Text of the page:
Kilimanjaro is ready for Instagram as Mt Kenya still cries for toilets


An old latrine on Mt Kenya. (courtesy)

As Kenyans were glued to their TV screens following the disputed presidential elections, our southern neighbors were busy installing high-speed internet connections on Mount Kilimanjaro, Africa’s highest.

The news got some brief pings in Kenya but was carried by almost all major global media outlets. The news that you can now livestream your ascent to the highest peak on the continent seemed too good to be true.

“You can now tweet as you climb Mount Kilimanjaro,” said NBC News. “Climbers, hikers, and adventure enthusiasts now have one less thing to worry about as they trek up Mount Kilimanjaro: Wi-Fi access,” CNBC reported.

Even Kenya’s dreaded keyboard warriors who love to pick up an online scuffle with their neighbors were silent on this one except for their usual “Tanzania owns the mountain and Kenya owns the views” line.

Perhaps their silence was golden. Experienced hikers say there is little to write home about on the climbing experience on our own, Mount Kenya, Africa’s second highest as far as basic amenities are concerned. Climbers have endured the lack of proper sanitation facilities on one of the most recognizable landmarks in the country.

Hiking Mount Kenya is listed as one of Magical Kenya’s Key Signature experiences, the exclusive itineraries crafted to showcase Kenya as a tourism hotspot. Any climber to Lenana Peak, the only point that does not require technical climbing can attest to the mountain’s contrasting landscape.

A survey done on the mountain by conservationist Bongo Woodley lists 882 plant species, 81 of which are endemic to the mountain. A dense forest straddles the base, rising to almost 10,000 feet.

Then there are Afro-Alpine zone vegetation, some that only occur in high altitude areas in East and Central Africa such as the giant groundsels and the picturesque lobelias while the beauty around the peaks is enhanced by several tarns.

In 1932, Mount Kenya was gazetted as a Forest Reserve while the national park was created in 1949. Owing to its natural resources, Mount Kenya was recognized as a Biosphere Reserve by UNESCO’s Man and the Biosphere (MAB) programme.

However, the highest recognition came in December 1997 when the World Heritage Committee sitting in Naples, Italy, designated the mountain as a World Heritage Site for being “one of the most impressive landscapes of Eastern Africa with its rugged glacier-clad summits, Afro- Alpine moorlands and diverse forests which illustrate outstanding ecological processes.”

Yet, such a high value of the mountain as a top tourist destination stands to be marred by a lack of suitable sanitation facilities.

The poor state of sanitation facilities was acknowledged by none other than the man who has been at the helm of the tourism docket, Najib Balala. He had hiked the mountain in May 2022 to raise funds for what he termed as “enhancement of hiker experiences”.

His resolve was firm: “Through this excursion, we shall also be fundraising to ensure the improvement of tourism facilities including improvement of toilet facilities at different stop points of the route.”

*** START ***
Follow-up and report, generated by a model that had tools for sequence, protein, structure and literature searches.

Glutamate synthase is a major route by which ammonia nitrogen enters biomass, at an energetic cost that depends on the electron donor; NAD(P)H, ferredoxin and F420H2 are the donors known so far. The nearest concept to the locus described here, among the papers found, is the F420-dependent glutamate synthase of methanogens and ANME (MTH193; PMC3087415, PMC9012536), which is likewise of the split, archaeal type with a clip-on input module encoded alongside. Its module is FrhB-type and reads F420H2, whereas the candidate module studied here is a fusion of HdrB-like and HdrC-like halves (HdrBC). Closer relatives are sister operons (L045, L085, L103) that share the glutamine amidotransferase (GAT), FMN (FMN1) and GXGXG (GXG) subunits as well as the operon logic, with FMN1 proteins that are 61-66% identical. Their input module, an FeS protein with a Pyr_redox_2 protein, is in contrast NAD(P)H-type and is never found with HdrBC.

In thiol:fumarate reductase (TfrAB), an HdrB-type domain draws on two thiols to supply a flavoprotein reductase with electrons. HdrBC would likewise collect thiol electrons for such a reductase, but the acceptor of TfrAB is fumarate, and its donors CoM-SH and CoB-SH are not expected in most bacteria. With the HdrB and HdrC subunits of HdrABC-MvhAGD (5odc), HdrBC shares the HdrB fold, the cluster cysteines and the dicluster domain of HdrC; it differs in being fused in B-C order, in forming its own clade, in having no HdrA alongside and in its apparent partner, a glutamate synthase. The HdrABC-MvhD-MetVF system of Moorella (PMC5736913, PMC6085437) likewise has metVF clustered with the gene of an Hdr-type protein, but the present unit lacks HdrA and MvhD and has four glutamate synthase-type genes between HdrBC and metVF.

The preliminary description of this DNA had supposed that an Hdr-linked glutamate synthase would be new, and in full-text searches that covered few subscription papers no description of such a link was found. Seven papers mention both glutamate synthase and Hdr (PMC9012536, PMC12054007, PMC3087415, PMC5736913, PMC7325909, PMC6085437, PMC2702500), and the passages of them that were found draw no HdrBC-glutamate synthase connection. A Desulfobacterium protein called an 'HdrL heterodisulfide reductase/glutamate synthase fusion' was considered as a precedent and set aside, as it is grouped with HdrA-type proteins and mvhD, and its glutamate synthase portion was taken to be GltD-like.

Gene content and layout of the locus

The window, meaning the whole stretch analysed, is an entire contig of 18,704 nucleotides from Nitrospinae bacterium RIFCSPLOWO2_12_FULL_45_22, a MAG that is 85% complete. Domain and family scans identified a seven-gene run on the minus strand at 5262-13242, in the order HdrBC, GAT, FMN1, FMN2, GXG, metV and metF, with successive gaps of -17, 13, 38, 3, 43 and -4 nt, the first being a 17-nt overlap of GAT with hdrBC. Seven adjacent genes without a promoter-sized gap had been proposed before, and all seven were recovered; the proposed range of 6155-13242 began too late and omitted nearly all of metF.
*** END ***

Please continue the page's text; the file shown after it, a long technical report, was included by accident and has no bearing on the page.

Hikers who have been to East Africa’s tallest mountains say both Uganda and Tanzania have an edge over Kenya as far as hiking experience is concerned. “Mount Kenya is a sad story,” quips Job Mugo, a hiking enthusiast who has lost count of the peaks he has summitted within the region.

“Look, the guys in the Rwenzori’s in Uganda have flushing washrooms complete with pipes of running fresh water. At Kilimanjaro, the pit latrines are cleaned twice a day by various groups including tour guides after using a specific campsite,” he adds. “In Mt Kenya? try the bush.”

Tired of the embarrassment, hiking enthusiasts lodged an online petition meant to garner support for the establishment of proper sanitation services on the mountain. The petition has so far been signed by close to 3,000 people.

Part of the petition read: “Mount Kenya lacks descent sanitation facilities or they are non-existent in all the camping routes. This means there is no proper disposal of human waste, which is disgustedly evident around the camps. Most affected are the popular spots (Lake Michaelson, Lake Ellis, Mintos Camp) all along the Chogoria Route. Others include Kamweti, Burgret and Timau Route.”

One of the key proponents of the petition is Wandai Gitonga, founder of outdoor experience outfit, Hikemaniak. Gitonga has been up the mountain a record 43 times and counting. The beauty of the mountain, he says, is unequalled as compared to other tall mountains in East Africa, Kilimanjaro included.

The face of the online campaign is a photo depicting the peaks but that also shows tissue paper littering the foreground not far from a water body. Gitonga fears for the health and ecological disaster not only for climbers but for communities living around the mountain.

“There is so much human waste accruing daily yet climbers and local communities have to fetch water downstream. We are looking at a health disaster of enormous proportions as the waste is carried off to the water system,” he says.

The situation is especially dire for climbers with special needs such as ladies whose sanitation needs go beyond just relieving themselves in a toilet. According to Gitonga, the dynamics of climbing such high attitudes do at times change a woman’s monthly cycle with some having to deal with unexpected menses.

“Telling such a lady to find a ‘bush over there’ is very unfortunate,” he says.

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